That’s it really. There are only two policies, if you could call them that. Other elements of the “policy” show the old thinking that is still in place (111 gets lumped into ICT Policy as an example).
New Zealand First
Believe it or not, New Zealand First has a fairly well-rounded set of policies. These aren’t going to set the world on fire, however show that someone in the party has got their head screwed on when it comes to basic ICT. One thing that set off some minor alarm bells is the policy to add extra protection for users of the Internet. Smells like an upgrade to the Censorship Wall that DIA runs.
The Civilian Party
Has one ICT Policy: “Bring ultra-fast broadband access to the majority of rural New Zealand by 2016 and dial-up to Invercargill by 2017.”
The Internet Party
For me personally the great disappointment of all the ICT policies. A party that started with some great ideas and has allowed itself to become more of a sideshow to the great Dotcom circus travelling the country. Originally touted as the technology party, they have managed to disappear down so many weird rabbit holes that they are starting to look like Alice in Wonderland. On top of that, they have a tendency with the media and commentators to play the man and not the ball, a sure sign of a lack of maturity and a big dose of “dog brain.” Worse, the infighting that has become apparent between Internet and Mana is a sure sign of things to come. This is coat tailing on an organised level at best. Even if they get in, their capability to do anything is likely to be very very small. It’s a real shame, they started so strongly, but the journey has mutated them into some kind of hybrid Frankenstein of the left, center, right, funded by an external source with an axe to grind with government.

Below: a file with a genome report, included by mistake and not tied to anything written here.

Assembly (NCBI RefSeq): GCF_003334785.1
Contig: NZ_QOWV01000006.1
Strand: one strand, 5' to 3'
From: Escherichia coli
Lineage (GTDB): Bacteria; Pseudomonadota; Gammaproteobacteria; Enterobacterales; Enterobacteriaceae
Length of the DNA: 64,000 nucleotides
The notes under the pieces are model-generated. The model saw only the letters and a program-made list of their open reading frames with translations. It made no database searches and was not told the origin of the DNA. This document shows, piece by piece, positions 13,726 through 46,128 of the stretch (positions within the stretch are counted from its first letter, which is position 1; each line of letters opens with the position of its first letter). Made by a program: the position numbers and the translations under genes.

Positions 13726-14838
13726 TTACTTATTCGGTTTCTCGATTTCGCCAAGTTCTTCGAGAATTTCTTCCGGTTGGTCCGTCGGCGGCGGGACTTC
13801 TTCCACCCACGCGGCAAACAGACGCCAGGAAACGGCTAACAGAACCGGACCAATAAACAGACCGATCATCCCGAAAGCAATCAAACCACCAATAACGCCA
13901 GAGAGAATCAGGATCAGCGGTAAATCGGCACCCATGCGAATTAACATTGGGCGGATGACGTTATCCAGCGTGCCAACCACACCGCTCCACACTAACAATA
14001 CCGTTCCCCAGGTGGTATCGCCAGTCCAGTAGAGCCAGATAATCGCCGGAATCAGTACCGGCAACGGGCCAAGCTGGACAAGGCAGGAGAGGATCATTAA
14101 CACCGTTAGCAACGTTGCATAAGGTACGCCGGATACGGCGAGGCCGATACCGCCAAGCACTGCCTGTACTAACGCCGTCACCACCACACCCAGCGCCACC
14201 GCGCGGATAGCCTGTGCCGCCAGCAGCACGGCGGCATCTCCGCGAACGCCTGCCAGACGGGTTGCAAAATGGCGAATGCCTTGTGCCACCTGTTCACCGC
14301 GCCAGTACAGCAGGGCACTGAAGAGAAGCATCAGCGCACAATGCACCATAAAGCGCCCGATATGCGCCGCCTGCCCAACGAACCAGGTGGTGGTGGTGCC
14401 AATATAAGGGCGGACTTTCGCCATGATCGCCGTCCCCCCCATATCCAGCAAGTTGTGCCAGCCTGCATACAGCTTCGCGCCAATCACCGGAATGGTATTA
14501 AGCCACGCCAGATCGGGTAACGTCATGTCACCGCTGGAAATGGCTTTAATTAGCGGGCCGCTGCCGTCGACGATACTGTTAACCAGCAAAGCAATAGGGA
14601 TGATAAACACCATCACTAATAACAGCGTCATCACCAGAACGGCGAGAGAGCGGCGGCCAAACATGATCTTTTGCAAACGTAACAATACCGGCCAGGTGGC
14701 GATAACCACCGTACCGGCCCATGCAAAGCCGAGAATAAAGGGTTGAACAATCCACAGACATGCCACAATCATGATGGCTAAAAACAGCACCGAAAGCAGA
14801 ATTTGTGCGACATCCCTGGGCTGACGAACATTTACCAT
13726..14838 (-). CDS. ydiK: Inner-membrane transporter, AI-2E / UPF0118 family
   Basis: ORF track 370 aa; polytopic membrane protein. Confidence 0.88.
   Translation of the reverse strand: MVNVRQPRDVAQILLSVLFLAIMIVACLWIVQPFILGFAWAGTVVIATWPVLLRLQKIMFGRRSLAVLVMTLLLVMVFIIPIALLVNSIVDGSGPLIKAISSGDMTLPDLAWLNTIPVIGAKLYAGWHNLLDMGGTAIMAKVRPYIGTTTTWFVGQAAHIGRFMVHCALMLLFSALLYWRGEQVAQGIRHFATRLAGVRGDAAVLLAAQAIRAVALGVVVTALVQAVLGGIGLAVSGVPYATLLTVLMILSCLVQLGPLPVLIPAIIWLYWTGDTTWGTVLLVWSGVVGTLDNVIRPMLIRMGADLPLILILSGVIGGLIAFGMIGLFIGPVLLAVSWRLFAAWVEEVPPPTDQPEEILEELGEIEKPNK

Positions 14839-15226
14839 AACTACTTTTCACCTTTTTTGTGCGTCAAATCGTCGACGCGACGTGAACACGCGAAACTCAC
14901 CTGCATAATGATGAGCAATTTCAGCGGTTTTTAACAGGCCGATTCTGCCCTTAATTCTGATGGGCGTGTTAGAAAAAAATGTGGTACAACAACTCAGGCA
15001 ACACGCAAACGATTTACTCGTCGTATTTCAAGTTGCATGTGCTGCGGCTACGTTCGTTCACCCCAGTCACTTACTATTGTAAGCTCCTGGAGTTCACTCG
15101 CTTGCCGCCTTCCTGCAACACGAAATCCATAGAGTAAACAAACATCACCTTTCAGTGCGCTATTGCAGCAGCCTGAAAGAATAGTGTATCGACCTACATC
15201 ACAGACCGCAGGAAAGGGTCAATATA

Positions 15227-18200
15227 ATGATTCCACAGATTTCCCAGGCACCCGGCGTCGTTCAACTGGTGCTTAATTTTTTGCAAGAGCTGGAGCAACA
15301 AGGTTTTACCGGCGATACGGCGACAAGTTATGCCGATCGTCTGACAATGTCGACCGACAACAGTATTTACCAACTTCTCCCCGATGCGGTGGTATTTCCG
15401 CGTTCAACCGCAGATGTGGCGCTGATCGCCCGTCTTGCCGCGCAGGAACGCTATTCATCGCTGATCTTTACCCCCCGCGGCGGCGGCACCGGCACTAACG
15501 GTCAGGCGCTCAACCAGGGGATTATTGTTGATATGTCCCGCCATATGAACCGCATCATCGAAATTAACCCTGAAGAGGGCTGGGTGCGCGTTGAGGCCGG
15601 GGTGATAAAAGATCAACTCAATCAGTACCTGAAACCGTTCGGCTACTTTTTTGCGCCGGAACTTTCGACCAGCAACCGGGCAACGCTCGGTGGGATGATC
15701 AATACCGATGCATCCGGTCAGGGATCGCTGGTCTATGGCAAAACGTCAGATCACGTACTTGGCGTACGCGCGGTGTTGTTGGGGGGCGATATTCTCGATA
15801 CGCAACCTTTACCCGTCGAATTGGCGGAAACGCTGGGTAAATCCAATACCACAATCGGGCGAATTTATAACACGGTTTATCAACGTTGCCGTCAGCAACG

But let’s look at the ICT policy side shall we?
One of the areas that they want to dump $1,000,000,000 into is innovation hubs, sadly, run by universities. Now, no disrespect to academia, but they are slow, becoming redundant, and not really keeping up with technology. So why put them in charge? Globally, these innovation hubs are facilitated by a city itself or a free forming group of creatives.
The cheaper and universal internet is a policy that is well covered by National, the Greens, and Labour. Nothing new here at all.
The copyright, open research, and government reformation ICT policies are all already happening or are part of other parties policies.
Finally, the anti-spying policies, if you could call them that, are probably unworkable. New Zealand will never leave the Five Eyes arrangement, we have been part of it for decades, and it is not going anywhere. A better policy would have been arming people to protect their own privacy.
Just my opinion, of course.
- Mana Party
- The Maori Party
- United Future – Has an “ICT Policy” that isn’t about ICT at all
- The Alliance Party
- Ban 1080
- The Conservative Party
- The Democrats (Their website is broken)
- Focus New Zealand
- New Zealand Independent Coalition
- Aotearoa Legalise Cannabis